Chairperson of the SABC’s interim board Khanyisile Kweyama on Tuesday revealed that the public broadcaster was facing a financial crisis, saying there were doubts about whether salaries would be paid at the end of the month, EWN reported.
Kweyama, who has been at the job along with her four fellow interim board members since the end of March, when asked to describe the SABC’s financial woes, said: “It’s bad. It’s bad …”
She said when board was appointed, they were not even sure if the SABC would be able to meet its March payroll or for this month.
“The only light at the end of the tunnel is the fact that we were able to pay salaries and some creditors at the end of this month,” she said.
Kweyama could not estimate how much the board would require from National Treasury to continue with its operations but said: “We’re definitely looking for at least R1 billion.”
The board chairperson also said they wanted suspended controversial SABC executive Hlaudi Motsoeneng to be afforded a fair disciplinary hearing when his proceedings get under way.
The interim board is expected to finalise matters around his disciplinary hearing on Wednesday, according to the report.
Motsoeneng’s defiant press conference
Meanwhile, Motsoeneng’s legal representative, Advocate Zola Majavu, on Tuesday accused the interim board of dealing unfairly with his client. He accused the board of failing to timeously institute disciplinary hearings against Motsoeneng within 14 days of its appointment.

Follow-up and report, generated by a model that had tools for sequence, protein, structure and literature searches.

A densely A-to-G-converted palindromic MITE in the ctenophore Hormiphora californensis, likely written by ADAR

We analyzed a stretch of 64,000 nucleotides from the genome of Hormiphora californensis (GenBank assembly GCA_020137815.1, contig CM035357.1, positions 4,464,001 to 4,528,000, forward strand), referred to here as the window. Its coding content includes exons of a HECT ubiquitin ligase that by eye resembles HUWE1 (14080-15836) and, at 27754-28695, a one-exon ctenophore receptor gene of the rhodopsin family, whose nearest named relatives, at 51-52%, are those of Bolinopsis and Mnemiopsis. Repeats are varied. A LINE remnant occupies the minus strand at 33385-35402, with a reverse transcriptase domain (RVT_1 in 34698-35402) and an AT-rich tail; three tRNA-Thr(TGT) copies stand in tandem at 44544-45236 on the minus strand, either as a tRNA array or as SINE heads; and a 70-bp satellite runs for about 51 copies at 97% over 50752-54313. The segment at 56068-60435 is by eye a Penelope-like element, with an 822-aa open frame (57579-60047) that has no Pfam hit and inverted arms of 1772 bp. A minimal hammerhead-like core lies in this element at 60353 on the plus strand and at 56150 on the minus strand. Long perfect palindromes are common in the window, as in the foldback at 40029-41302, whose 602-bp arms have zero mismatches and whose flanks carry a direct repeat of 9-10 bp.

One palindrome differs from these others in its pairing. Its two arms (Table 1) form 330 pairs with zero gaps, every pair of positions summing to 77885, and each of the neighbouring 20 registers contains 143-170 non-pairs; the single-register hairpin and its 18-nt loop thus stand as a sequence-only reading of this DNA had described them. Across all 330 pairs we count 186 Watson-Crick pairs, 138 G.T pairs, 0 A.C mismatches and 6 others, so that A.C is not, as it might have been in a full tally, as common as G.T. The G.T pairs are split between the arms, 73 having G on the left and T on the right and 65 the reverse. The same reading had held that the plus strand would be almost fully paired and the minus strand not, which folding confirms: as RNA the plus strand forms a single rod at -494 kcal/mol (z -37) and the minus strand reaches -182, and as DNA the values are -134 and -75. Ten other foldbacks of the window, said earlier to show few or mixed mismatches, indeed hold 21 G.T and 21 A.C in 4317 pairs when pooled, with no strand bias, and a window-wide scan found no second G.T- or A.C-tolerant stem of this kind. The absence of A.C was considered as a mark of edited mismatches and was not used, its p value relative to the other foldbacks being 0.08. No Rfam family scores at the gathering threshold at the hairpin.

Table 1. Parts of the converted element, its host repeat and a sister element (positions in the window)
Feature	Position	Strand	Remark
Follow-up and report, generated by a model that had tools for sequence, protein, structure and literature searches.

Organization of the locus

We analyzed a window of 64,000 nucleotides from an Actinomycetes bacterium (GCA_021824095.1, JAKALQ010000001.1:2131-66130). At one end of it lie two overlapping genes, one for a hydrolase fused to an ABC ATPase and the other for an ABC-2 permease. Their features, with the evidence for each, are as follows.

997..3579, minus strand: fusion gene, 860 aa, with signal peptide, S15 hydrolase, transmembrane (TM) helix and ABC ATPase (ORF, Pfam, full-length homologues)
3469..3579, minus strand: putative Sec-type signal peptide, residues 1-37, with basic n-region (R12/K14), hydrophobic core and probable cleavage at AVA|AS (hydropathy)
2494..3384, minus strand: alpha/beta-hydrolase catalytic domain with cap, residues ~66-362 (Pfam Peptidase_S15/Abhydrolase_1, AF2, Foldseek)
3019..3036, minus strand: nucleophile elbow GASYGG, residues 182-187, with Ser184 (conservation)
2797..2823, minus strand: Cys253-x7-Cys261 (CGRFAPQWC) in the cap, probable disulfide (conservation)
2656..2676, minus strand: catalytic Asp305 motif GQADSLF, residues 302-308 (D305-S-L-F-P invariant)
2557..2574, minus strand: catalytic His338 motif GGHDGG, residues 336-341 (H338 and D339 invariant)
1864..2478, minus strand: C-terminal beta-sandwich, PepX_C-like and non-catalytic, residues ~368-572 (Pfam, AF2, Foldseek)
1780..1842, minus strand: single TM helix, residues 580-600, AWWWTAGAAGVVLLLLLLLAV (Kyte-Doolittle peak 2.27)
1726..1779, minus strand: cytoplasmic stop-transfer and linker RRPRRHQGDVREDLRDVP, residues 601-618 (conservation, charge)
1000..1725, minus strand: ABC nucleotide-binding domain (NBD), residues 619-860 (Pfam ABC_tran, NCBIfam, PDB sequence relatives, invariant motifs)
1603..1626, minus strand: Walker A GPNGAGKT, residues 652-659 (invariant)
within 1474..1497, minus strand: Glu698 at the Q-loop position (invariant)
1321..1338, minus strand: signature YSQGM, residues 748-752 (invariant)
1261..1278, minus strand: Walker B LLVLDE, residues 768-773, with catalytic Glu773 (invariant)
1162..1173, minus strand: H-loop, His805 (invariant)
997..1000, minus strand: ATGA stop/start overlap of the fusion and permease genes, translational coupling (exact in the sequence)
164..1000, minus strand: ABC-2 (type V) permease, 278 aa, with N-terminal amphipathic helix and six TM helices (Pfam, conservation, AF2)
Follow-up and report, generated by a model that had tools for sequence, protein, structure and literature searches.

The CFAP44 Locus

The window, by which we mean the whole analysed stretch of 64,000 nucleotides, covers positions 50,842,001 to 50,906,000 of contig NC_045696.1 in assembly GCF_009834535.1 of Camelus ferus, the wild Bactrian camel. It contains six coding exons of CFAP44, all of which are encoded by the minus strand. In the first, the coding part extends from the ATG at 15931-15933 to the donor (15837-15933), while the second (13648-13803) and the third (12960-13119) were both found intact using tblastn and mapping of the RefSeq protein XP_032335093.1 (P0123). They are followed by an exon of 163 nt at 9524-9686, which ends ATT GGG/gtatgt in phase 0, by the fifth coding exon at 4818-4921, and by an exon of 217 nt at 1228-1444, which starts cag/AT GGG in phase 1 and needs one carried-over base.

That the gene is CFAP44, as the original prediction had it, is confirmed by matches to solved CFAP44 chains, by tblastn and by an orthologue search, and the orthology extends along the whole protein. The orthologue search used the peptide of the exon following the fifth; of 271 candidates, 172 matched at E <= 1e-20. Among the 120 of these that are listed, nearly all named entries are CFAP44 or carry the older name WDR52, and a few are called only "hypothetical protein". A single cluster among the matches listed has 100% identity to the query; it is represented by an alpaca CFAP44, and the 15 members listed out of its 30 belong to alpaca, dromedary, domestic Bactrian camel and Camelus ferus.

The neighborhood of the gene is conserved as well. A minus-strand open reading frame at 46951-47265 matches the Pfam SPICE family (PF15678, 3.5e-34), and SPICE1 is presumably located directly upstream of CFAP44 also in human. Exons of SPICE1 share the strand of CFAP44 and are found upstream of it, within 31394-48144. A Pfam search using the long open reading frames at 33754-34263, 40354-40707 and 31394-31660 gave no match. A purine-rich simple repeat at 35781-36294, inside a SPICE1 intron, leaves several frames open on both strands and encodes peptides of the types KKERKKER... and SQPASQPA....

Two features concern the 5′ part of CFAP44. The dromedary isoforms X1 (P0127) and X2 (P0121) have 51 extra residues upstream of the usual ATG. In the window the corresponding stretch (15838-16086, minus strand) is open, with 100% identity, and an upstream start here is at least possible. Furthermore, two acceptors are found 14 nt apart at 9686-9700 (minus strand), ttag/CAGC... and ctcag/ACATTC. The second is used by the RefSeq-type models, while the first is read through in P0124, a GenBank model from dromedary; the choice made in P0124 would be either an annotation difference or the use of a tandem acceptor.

TimesLIVE reported on Tuesday the former SABC COO has been served with fresh disciplinary charges for allegedly bringing the broadcaster into disrepute after attacking the interim board and mocking a parliamentary inquiry into the affairs of the SABC at his press conference last week.
The interim board reportedly wanted Motsoeneng to explain why he should not be summarily dismissed in a letter it sent to his lawyers last Friday. However, Majavu said this violated labour laws.
“[It is unprocedural], and that’s the point. What the interim board was supposed to do was to institute a disciplinary inquiry against him as per the court order within 14 days of their appointment.
“They have not done that. Instead what they did‚ they latched on the fact that he addressed a press conference‚ rightly or wrongly. They are now latching on that‚ saying, ‘tell us why you should be not be dismissed’,” Majavu was quoted as saying.
Last year, the Western High Court found Motsoeneng’s appointment as SABC group executive of corporate affairs unlawful and irrational.
The court barred him from being appointed to any position at the SABC until he faced a satisfactory disciplinary hearing or until the findings and remedial action contained in former public protector Thuli Madonsela’s report into the public broadcaster get reviewed and set aside by another court.
The new SABC board, following its appointment, was supposed to deliver a letter setting out the disciplinary charges against Motsoeneng within two weeks, according to the judgment.